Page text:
A well-planned and designed dental office provides an effective place for dentists to work and an inviting area for patients to wait and ease their jitters. Design considerations for effective dental practices include well-planned work layouts and aesthetic flourishes.
A well-designed dental office is at once an efficient and safe place to work and one that is welcoming and comfortable for patients. In this optimal workplace, state-of-the-art dental instruments are well-organised for your convenience, while waiting rooms are comfortable and aesthetically appealing to the patients. Whether your dental practice is in a small community in rural NZ or a large urban area like Auckland, it pays to exude an image of professionalism for your patients.
A Matter of Space
When starting an office, you should always choose a space that has ample room to work. Your practice should have an operatory that is no less than3.5 by 2.74 meters in area, with a ceiling clearance of 2.75 meters. Ideally, a treatment room should have two points of entry for ease of access and be wide enough for a patient with a disability to safely navigate.
Cabinet placement is critical in maximising the efficiency of the dental operatory and plays a critical role in determining its ideal floor area. Ideally, there should be two cabinets on the opposite ends of the patient’s chair. On one side is the doctor’s cabinets, which should contain a sink of ease of handwashing. On the other is the assistant’s cabinets, which should provide ample storage for dental equipment.
You shouldn’t skimp on lighting when planning out both your operatory and waiting rooms. Good lighting in a brightly painted waiting room can ease patient jitters. Ample lighting at the operatory, meanwhile, helps prevent prolonged eye strain when examining patients.
Flooring also matters. Some types of flooring material create potential problems for treatment areas. For instance, ceramic tiles with large ground line may impede the movement of dentist’s and assistant’s chairs. Meanwhile, laminated flooring creates a lot of excess noise that could become a nuisance for both you and your patients. Vinyl plank flooring is ideal in operatory settings because it is both easier to clean and causes a minimal amount of noise.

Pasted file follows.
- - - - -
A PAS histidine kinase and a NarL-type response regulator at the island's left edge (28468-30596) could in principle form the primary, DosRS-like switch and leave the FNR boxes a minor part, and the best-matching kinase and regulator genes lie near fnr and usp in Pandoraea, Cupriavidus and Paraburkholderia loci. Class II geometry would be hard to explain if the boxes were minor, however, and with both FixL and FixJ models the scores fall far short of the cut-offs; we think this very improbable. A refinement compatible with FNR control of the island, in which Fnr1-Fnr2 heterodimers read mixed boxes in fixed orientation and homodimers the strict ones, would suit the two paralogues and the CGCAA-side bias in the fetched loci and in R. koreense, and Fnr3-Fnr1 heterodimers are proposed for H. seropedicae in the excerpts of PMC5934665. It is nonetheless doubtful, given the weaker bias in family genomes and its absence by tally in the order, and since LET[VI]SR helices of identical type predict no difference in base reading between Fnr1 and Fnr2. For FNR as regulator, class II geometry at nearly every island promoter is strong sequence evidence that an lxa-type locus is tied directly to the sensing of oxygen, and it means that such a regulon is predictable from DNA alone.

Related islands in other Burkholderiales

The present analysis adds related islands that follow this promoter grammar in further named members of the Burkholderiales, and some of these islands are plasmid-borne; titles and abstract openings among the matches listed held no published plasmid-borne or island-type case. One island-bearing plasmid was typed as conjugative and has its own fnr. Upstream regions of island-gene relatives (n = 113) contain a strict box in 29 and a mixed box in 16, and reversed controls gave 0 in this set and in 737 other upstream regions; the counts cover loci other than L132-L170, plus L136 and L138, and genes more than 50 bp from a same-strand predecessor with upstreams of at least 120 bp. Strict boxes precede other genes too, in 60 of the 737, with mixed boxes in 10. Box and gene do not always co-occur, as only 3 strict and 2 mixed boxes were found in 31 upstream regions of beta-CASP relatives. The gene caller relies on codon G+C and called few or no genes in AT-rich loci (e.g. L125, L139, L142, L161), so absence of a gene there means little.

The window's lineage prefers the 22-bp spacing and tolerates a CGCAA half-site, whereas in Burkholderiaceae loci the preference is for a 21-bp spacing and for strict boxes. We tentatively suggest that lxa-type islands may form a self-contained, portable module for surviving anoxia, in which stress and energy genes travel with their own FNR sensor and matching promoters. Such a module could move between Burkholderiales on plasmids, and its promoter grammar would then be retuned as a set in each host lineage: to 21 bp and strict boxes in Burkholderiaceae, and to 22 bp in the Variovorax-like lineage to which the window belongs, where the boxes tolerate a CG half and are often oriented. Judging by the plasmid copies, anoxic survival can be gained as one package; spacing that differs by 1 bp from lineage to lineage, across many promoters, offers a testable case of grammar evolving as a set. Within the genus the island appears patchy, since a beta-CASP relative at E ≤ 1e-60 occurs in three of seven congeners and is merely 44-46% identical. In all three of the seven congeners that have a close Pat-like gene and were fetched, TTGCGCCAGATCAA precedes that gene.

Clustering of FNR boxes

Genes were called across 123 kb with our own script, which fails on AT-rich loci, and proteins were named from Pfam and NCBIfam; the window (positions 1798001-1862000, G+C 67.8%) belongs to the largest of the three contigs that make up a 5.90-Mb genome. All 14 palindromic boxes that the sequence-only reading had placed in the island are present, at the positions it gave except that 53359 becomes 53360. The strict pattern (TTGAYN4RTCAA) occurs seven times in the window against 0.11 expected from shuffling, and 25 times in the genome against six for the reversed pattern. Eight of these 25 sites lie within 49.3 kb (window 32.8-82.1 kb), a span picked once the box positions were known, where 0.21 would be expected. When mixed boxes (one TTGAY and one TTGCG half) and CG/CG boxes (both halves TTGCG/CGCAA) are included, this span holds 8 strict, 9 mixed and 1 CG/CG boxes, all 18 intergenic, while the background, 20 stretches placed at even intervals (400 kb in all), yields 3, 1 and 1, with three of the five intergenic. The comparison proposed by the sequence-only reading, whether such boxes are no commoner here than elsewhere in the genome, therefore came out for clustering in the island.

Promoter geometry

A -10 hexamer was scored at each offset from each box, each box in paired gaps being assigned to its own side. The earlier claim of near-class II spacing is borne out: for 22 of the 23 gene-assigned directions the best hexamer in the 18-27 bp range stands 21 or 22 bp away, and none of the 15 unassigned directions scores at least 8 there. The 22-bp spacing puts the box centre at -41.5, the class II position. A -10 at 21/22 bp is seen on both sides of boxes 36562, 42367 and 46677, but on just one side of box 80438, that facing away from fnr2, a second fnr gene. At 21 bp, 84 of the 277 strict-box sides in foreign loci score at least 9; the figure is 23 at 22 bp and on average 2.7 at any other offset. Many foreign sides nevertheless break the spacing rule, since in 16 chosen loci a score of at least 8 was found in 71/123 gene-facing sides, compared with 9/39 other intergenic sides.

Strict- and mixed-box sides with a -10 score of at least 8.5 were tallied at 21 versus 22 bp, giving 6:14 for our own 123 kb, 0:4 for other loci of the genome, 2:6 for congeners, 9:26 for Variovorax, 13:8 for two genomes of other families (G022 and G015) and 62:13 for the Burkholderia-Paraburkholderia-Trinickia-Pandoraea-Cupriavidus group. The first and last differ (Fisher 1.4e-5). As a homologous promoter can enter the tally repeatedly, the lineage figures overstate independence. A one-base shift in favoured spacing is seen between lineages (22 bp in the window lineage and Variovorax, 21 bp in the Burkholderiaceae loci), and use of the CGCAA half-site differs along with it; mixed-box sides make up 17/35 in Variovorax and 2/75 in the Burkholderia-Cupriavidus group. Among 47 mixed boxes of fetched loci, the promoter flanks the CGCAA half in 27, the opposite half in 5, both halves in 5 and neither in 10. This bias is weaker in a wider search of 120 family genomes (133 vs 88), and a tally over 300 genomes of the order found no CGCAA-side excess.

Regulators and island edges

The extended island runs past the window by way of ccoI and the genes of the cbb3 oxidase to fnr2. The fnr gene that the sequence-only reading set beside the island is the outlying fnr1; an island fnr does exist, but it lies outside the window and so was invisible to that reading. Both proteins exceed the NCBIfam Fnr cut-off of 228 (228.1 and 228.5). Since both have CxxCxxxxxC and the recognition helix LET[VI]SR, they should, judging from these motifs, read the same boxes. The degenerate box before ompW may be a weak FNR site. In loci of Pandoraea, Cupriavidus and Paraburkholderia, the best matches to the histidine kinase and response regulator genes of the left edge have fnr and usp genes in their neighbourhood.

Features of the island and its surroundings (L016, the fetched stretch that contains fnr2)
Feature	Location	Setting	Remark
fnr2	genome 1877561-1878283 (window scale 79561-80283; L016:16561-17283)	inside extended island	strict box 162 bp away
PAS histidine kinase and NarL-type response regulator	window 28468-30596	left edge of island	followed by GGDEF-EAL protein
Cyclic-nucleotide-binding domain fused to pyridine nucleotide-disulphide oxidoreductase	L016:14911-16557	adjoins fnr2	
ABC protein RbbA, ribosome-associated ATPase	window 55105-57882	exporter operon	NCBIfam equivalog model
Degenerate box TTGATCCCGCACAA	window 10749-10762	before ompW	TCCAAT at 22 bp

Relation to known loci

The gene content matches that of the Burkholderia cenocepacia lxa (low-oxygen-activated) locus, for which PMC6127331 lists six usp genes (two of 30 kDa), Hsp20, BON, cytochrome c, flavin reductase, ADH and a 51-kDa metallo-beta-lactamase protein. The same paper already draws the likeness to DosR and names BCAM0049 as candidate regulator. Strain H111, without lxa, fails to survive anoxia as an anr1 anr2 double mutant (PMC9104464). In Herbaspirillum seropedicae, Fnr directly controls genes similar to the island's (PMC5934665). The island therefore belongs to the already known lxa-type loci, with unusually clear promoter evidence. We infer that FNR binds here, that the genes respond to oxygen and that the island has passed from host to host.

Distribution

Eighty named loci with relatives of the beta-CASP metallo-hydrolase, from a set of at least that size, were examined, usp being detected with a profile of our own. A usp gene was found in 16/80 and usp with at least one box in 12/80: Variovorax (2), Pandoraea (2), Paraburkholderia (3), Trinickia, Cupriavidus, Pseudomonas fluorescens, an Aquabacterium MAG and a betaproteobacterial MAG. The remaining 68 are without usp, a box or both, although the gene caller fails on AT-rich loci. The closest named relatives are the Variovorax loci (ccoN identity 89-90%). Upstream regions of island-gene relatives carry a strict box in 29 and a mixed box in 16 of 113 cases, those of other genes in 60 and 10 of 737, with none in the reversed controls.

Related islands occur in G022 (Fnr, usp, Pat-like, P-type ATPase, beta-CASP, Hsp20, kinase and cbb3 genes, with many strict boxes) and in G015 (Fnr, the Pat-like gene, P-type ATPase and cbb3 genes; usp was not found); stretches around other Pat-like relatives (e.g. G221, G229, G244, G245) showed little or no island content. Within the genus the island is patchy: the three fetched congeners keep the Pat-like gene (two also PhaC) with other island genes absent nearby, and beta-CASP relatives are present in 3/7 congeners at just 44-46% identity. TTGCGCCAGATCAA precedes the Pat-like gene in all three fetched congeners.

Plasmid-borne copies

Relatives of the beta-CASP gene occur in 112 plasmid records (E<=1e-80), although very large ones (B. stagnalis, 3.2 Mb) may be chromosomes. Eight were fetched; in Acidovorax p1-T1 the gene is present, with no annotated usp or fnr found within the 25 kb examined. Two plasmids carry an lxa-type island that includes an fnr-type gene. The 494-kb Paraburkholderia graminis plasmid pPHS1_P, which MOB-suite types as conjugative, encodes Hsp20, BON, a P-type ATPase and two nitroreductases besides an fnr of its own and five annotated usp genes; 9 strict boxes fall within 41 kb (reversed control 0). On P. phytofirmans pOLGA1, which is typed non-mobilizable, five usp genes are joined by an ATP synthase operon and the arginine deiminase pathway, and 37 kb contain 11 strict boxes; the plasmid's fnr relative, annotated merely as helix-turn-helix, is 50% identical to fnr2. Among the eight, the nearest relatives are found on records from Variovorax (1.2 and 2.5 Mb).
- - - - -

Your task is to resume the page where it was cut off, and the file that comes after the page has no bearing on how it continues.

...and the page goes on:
An aesthetically pleasing space may not seem like a high priority, but a well-designed dental office creates a welcoming environment for patients, many of whom would probably have jitters and anxieties surrounding their appointments. An inviting space helps create a sense of calm and provides comfort.
Small details can add visual interest to your operatory area. Adding small decorative flourishes in one of the walls in your patient area can create an added area of visual interest and reduce anxieties for patients entering the operatory.
Staying on Brand
For a long time, waiting room aesthetics have been an afterthought for many dental practitioners. This is quickly changing as more and more practices begin seeing the value of interior design to the waiting room. An aesthetically pleasing environment provides patients with an inviting place to wait and socialise, which can help reduce anxieties often associated with dental appointments for both young and old.
Interior aesthetics also helps set the tone of your dental practice and sets its brand apart. If you specialise in paediatric dentistry, for instance, choosing a whimsical and colourful environment that appeals to young children may be the way to go. A casual atmosphere, meanwhile, works best for general dentistry practices. A crisp, modern upscale look works best if you specialise in dental surgery or cosmetic dentistry.